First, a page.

With the addition of O’Brien’s show, TBS will establish two hours of late-night talk. “Lopez Tonight,” while just a few months old, has already become a destination show for a diverse audience. The “Lopez Tonight” audience is young as well, with a median age of just 34.

“For decades, late-night TV has been dominated by broadcast television,” Koonin said. “Now, with a young audience and a growing late-night lineup, TBS is set to be the choice of comedy fans for years to come.”

So what are your thoughts on Conan’s move to TBS? From my perspective, it was becoming increasingly clear that Fox was never going to successfully clear the hurdles set by their affiliates, and even if they had, they probably wouldn’t have been nearly as tolerant of fluctuating ratings – huge numbers upon his return, a probable big drop immediately thereafter, then middling out as people figure out which host they want to watch regularly – as TBS almost certainly will be. TBS can afford to let Conan build a presence on their network, whereas Fox…well, I think we all know how forgiving Fox is with their low-rated series.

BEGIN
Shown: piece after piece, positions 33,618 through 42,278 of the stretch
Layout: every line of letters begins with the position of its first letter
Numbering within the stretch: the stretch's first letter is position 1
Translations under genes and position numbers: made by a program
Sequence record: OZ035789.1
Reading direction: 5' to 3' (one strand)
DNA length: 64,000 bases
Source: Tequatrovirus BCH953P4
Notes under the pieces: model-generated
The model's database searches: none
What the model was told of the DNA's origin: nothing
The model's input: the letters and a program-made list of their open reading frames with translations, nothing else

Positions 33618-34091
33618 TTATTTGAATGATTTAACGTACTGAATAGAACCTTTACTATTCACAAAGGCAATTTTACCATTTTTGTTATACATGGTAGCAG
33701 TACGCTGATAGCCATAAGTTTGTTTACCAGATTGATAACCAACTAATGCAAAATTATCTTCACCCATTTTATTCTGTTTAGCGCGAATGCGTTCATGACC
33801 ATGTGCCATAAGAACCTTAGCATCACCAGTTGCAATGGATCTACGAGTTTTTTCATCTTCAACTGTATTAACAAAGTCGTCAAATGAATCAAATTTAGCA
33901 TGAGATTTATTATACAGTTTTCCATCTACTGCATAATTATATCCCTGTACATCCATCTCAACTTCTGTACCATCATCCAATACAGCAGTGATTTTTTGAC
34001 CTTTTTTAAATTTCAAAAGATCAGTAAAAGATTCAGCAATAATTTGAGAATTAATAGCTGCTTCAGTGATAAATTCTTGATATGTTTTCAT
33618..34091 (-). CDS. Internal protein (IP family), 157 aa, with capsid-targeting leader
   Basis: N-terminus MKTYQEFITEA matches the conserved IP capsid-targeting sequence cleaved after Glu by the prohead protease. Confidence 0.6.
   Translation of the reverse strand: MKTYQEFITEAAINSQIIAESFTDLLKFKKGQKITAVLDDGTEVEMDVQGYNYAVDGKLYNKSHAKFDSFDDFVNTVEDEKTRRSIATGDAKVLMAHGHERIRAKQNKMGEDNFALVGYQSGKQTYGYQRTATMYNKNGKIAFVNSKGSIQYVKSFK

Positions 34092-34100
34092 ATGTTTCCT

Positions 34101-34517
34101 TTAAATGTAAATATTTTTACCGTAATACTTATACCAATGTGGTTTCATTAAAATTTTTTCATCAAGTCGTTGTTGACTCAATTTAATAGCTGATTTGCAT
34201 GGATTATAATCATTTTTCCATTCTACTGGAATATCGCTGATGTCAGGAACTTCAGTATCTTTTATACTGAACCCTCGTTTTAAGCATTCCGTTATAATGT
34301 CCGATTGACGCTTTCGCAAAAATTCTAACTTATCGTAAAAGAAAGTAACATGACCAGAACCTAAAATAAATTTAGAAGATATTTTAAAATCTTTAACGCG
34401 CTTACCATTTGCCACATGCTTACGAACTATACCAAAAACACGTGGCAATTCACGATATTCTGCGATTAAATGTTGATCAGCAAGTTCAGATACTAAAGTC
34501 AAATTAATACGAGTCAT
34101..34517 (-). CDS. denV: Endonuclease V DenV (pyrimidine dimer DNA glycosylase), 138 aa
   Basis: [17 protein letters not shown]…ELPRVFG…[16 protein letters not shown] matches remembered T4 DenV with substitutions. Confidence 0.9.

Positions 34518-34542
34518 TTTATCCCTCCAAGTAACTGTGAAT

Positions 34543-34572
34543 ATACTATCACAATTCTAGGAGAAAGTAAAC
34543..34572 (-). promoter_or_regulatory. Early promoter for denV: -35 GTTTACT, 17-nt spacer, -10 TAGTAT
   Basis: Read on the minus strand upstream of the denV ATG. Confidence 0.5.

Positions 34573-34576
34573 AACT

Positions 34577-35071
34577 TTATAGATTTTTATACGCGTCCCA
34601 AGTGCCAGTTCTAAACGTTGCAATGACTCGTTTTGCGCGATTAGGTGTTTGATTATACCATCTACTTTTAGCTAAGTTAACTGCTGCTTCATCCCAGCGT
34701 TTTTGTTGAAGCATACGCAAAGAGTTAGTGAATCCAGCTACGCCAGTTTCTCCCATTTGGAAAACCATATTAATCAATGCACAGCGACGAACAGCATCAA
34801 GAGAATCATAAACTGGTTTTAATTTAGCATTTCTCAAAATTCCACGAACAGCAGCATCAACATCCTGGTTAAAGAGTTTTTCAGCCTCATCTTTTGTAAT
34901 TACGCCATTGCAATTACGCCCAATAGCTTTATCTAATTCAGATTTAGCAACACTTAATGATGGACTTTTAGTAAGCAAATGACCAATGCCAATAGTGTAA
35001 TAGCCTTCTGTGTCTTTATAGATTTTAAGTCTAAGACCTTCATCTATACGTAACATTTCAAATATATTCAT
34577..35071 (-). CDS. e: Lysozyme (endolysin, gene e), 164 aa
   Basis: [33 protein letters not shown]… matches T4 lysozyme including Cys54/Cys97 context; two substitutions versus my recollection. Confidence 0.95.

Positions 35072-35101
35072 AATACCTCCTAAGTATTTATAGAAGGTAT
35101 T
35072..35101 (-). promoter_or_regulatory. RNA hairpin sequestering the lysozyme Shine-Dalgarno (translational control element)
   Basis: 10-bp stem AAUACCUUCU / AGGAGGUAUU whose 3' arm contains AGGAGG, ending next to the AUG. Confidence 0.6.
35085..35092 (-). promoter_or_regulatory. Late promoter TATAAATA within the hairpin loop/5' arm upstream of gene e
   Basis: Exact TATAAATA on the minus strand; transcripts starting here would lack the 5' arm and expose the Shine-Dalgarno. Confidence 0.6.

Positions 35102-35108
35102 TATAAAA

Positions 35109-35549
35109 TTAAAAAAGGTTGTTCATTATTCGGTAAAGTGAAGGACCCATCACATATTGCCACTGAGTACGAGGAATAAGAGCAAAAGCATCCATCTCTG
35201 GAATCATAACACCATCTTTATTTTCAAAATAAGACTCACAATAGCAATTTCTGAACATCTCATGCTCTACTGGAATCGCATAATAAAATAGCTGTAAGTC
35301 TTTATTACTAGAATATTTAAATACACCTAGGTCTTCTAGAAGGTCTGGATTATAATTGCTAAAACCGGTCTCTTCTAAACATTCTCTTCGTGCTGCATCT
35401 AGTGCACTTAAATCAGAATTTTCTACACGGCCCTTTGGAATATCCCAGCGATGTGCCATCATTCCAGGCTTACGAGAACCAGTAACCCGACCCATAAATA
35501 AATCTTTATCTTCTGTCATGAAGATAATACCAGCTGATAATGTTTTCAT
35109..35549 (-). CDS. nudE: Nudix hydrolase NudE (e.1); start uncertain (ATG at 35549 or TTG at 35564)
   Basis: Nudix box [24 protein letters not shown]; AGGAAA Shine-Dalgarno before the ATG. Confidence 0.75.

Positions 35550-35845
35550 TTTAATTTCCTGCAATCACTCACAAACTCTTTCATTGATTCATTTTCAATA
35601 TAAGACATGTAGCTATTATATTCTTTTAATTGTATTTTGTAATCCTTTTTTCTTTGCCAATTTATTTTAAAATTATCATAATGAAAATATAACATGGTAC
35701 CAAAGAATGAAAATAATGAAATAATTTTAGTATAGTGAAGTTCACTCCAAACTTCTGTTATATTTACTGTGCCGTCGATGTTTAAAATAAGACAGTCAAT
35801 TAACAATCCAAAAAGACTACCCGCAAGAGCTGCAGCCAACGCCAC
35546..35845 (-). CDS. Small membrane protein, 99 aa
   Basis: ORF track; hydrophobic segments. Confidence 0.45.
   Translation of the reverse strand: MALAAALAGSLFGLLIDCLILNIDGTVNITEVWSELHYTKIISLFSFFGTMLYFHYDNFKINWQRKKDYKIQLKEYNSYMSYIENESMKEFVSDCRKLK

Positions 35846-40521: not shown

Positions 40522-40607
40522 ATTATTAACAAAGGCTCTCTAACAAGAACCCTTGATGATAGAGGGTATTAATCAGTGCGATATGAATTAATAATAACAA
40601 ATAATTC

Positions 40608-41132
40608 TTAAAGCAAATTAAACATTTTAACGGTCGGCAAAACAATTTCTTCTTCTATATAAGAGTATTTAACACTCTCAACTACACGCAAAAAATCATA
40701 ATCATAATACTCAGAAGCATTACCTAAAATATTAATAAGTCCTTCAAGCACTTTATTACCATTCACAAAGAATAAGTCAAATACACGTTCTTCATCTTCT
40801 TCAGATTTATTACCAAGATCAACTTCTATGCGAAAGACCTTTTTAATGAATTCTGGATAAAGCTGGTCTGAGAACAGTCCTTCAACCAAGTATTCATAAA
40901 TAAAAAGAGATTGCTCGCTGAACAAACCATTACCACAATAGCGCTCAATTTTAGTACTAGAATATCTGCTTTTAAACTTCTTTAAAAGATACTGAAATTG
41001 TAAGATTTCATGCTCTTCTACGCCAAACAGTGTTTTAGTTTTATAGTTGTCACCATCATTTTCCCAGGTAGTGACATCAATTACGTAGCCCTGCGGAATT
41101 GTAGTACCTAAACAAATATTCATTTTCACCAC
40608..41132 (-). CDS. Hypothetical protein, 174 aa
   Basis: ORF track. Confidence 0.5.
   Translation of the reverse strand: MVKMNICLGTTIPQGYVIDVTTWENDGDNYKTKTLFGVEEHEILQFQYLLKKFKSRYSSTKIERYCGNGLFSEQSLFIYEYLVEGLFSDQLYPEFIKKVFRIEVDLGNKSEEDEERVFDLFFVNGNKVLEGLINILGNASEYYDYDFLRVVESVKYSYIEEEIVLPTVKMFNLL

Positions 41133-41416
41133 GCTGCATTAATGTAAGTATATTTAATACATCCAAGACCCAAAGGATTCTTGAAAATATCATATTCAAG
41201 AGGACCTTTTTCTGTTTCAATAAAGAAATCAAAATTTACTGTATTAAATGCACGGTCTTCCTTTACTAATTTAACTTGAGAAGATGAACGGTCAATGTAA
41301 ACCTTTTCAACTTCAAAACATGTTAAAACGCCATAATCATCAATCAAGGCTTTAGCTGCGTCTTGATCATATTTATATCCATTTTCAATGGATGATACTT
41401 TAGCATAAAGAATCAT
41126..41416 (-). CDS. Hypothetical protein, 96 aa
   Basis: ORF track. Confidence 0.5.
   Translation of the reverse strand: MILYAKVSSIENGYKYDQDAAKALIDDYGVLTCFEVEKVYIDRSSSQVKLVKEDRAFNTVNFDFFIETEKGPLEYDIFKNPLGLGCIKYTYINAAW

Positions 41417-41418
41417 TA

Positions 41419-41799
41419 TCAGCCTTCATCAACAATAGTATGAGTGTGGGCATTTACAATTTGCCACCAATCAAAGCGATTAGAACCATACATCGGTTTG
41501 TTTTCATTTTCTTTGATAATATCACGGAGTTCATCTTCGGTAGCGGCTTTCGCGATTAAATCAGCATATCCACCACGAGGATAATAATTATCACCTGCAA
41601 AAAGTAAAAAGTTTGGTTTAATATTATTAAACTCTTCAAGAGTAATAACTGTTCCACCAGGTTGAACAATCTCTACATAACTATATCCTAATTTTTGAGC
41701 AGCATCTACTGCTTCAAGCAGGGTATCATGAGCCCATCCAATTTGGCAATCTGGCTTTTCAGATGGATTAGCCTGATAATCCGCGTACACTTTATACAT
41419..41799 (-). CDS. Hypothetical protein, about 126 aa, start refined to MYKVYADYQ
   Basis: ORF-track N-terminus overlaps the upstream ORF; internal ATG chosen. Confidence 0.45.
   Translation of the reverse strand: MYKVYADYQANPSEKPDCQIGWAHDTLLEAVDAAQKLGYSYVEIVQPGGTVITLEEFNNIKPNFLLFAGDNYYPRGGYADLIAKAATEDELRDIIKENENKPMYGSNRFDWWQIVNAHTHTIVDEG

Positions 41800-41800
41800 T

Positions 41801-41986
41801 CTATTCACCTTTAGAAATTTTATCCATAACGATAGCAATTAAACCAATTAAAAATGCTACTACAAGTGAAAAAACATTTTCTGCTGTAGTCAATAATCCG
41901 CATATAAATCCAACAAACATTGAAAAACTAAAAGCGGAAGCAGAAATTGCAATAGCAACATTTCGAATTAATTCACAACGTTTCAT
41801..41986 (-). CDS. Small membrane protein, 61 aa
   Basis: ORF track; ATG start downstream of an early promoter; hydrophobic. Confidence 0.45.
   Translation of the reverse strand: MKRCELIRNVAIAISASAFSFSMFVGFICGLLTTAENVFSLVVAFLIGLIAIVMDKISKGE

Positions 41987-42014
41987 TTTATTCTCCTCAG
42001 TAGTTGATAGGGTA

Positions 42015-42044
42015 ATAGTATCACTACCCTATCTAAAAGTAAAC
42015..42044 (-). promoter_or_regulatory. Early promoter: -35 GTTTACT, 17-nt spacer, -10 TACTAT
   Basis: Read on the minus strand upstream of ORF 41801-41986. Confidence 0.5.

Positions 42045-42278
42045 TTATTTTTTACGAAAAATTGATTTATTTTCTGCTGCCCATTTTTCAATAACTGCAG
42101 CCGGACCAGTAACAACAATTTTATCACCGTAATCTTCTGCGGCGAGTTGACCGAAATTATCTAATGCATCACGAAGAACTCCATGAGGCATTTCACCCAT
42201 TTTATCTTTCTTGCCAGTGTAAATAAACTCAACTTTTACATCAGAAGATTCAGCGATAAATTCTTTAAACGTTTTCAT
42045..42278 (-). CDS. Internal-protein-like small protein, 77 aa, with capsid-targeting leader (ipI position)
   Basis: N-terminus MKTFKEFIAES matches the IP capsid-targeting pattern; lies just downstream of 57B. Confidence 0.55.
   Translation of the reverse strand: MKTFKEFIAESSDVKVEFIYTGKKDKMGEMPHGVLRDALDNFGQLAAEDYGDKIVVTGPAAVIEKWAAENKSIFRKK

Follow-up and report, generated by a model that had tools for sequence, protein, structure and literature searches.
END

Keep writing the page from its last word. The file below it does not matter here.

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An “Avatar” five-peat for MLK weekend?

With “Avatar” holding remarkably well last weekend to the tune of over $50 million, there’s every reason to expect another very strong performance over the coming Martin Luther King Day holiday. Still, along with the holiday, this is also the first weekend since Christmas where James Cameron‘s science-fiction adventure is facing some new decent genre competition.

That comes via “The Book of Eli,” another “Mad Max”-esque post-apocalyptic neo-western, this time starring Denzel Washington and featuring a bit of a religious element. The Warner Brothers film is getting mixed reviews and only rated 45% on the Tomatometer. Beneath the surface, however, I’m sensing that the film actually provides a bit of fun and while star power hasn’t been good for much lately at the box office, my hunch is the combination of a tried-and-true action-flick premise and this particular star is just strong enough to be reasonably potent here.